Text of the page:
I'm developing a software to calculate the implied volatility of an option using the Black & Scholes formula and a trial-and-error method. The implied volatility values I get are correct, but I noticed that they are not the only possible ones.

For example, with a given set of parameters, my trial-and-errors lead me to an implied volatility of 43,21%, which, when used on B&S formula, outputs the price I started with. Great!

But I realized this 43,21% value is just a fraction of a much wider range of possible values (let's say, 32,19% - 54,32%).

Which value should I, then, pick as the 'best' one to show to my user?

  • $\begingroup$ That is strange, what are your parameters? $\endgroup$
    – Bob Jansen
    Apr 24, 2012 at 17:22
  • $\begingroup$ My parameters are the ones the B&S formula requires: - Underlying stock current price. - Option strike price. - Time to expire. - Interest rate. - Volatility. The four first ones are known to me, and I want to discover the last one, given an option market price. I start by trying it with the historical volatility and, by trial-and-error, adjust it until the result is the same as option market price. When it comes to out-of-the-money call options, the historical volatility usually is a valid answer, but, as I said before, it is a fraction of a wide range of valid answers. $\endgroup$ Apr 24, 2012 at 17:32
  • $\begingroup$ And what are your parameter values? $\endgroup$
    – Bob Jansen
    Apr 24, 2012 at 18:32
  • $\begingroup$ An example: underlying stock price is 21.19. Option strike price is 35.50. Time to expire is 27 days (which I divide by 365 and use as 0.0740. Interest rate: 9.75. Current option market price: 0.01. Then, as I said on my first comment, the first try is the historical volatility, which is 31.27%, and B&S gives me 0.01 as the fair price. Again: great! But I discovered that, with those same parameter values, the volatilities 10% and 80% also give me the same 0.01 as fair price. $\endgroup$ Apr 24, 2012 at 19:47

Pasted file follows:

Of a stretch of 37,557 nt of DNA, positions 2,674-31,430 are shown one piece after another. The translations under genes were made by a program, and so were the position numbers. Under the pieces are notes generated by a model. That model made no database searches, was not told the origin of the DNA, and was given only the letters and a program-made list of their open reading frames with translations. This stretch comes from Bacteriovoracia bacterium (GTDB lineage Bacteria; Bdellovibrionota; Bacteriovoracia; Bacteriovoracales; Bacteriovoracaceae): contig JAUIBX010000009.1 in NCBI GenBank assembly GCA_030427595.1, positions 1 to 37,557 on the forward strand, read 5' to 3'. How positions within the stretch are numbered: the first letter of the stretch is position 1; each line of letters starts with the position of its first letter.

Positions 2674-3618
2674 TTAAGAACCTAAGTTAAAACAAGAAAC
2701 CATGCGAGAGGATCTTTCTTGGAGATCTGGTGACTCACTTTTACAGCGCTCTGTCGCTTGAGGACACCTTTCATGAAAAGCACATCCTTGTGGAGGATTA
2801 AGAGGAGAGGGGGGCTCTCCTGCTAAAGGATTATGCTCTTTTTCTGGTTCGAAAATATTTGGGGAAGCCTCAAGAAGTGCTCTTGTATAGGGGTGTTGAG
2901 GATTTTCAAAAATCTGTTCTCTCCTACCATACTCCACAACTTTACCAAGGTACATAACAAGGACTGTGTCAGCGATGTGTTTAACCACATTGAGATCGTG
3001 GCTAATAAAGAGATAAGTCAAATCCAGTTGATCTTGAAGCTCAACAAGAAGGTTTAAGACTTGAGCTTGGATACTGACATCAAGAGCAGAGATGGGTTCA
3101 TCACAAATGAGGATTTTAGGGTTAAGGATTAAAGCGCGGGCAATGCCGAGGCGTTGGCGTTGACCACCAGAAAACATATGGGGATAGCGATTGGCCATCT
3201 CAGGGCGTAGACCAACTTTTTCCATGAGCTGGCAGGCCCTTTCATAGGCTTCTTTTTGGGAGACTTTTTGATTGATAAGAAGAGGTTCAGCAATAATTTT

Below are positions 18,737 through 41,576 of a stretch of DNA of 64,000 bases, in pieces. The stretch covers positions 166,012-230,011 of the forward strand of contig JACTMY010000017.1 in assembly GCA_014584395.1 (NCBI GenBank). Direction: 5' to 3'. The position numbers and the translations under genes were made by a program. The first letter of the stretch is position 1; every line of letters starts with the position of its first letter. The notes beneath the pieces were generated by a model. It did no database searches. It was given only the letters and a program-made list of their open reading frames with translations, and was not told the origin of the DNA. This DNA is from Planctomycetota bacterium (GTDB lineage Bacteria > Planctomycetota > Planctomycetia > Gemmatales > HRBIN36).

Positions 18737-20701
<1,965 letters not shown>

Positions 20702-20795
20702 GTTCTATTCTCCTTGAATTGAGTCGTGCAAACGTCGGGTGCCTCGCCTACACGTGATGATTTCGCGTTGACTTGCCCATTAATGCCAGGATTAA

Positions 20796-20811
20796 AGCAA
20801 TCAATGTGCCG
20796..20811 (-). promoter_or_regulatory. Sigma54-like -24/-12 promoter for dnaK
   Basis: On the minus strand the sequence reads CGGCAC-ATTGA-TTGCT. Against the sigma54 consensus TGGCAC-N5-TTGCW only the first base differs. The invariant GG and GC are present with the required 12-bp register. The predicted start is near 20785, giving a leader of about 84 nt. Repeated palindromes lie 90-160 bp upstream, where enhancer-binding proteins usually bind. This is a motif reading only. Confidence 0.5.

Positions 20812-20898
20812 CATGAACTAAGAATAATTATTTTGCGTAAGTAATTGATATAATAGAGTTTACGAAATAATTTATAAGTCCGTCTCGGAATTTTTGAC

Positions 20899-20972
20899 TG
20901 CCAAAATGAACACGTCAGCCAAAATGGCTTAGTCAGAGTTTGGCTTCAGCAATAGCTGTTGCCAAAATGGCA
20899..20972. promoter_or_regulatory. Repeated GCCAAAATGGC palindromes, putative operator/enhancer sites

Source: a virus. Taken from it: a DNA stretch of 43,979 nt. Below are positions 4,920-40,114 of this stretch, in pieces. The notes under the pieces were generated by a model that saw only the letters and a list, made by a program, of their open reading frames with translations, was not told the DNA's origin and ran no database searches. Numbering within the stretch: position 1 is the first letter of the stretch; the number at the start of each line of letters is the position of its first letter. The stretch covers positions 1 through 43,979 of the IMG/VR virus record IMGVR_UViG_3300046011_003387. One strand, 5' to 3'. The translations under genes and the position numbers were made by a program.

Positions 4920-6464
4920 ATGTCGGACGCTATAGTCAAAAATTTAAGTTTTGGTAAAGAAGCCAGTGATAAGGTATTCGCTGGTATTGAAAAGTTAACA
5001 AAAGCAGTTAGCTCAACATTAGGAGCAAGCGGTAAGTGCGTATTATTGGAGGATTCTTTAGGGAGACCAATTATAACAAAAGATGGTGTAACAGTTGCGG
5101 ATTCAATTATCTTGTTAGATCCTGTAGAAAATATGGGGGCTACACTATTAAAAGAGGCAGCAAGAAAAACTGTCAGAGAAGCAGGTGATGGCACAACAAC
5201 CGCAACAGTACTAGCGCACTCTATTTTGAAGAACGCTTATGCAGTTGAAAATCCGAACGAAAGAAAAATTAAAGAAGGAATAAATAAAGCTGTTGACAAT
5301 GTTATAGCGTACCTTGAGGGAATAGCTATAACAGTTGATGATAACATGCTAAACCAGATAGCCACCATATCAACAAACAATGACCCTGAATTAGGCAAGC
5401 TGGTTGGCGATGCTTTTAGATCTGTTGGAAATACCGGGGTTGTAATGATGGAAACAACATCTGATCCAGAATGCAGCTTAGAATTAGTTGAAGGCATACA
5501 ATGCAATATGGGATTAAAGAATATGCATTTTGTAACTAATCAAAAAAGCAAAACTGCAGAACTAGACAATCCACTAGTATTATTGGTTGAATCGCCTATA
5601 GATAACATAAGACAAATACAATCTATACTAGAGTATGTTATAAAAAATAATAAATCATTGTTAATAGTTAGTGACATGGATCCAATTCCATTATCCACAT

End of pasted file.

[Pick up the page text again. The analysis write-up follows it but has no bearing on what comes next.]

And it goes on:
• $\begingroup$ That's a bit of an edge case of course. This option is very far out of the money. What happens when you try with a more valuable option (and a more useful example)? $\endgroup$
    – Bob Jansen
    Apr 24, 2012 at 20:31

1 Answer 1


The reason why you get the same result (price) from the BS formula is because your are missing precision in the computations.

When you compute your trial and errors, you have certainly defined a constant $\epsilon$ which defines when the algorithm has to stop: $(p - \bar{p})^2 < \epsilon$ where $p$ is the market price and $\bar{p}$ is the price you got using the volatility estimate $\bar{\sigma}$ in the BS Formula : $\bar{p}=\text{BS}(\bar{\sigma},\cdot)$. If you want better precision, then you need to reduce $\epsilon$. Consider also that you might be lacking precision from the market price data $p$ that you use.

Usually, you would use a global optimizer such as MATLAB's fmincon where you can setup the precision at which you want the algorithm to stop.

  • $\begingroup$ Agreed, but in this case I would not fiddle too much with precision settings and look at other parameterizations. Penny options are a rarity. $\endgroup$
    – Bob Jansen
    Apr 24, 2012 at 20:39
  • $\begingroup$ @BobJansen: Yeah in practice I agree, but I believe he is lookin to estimate the implied with as much precision as possible for research purposes. $\endgroup$
    – SRKX
    Apr 24, 2012 at 20:41
  • $\begingroup$ Thanks, @SRKX! In fact, it was not a matter of reducing ϵ, but it led me to the real problem: my B&S formula was rounding the result returned to two fraction digits. To out-of-the-money options, the results were almost always below 0.01, in which cases the formula would return 0.01 as the fair price. Thus, based on the example values I gave on a comment above, to every volatility from 10% to 80%, the fair price would be 0.01, leading to my confusion. I changed the B&S formula to not round the results and my implicit volatility discovery method worked as I expected. $\endgroup$ Apr 24, 2012 at 21:11

Your Answer

By clicking “Post Your Answer”, you agree to our terms of service and acknowledge you have read our privacy policy.

Not the answer you're looking for? Browse other questions tagged or ask your own question.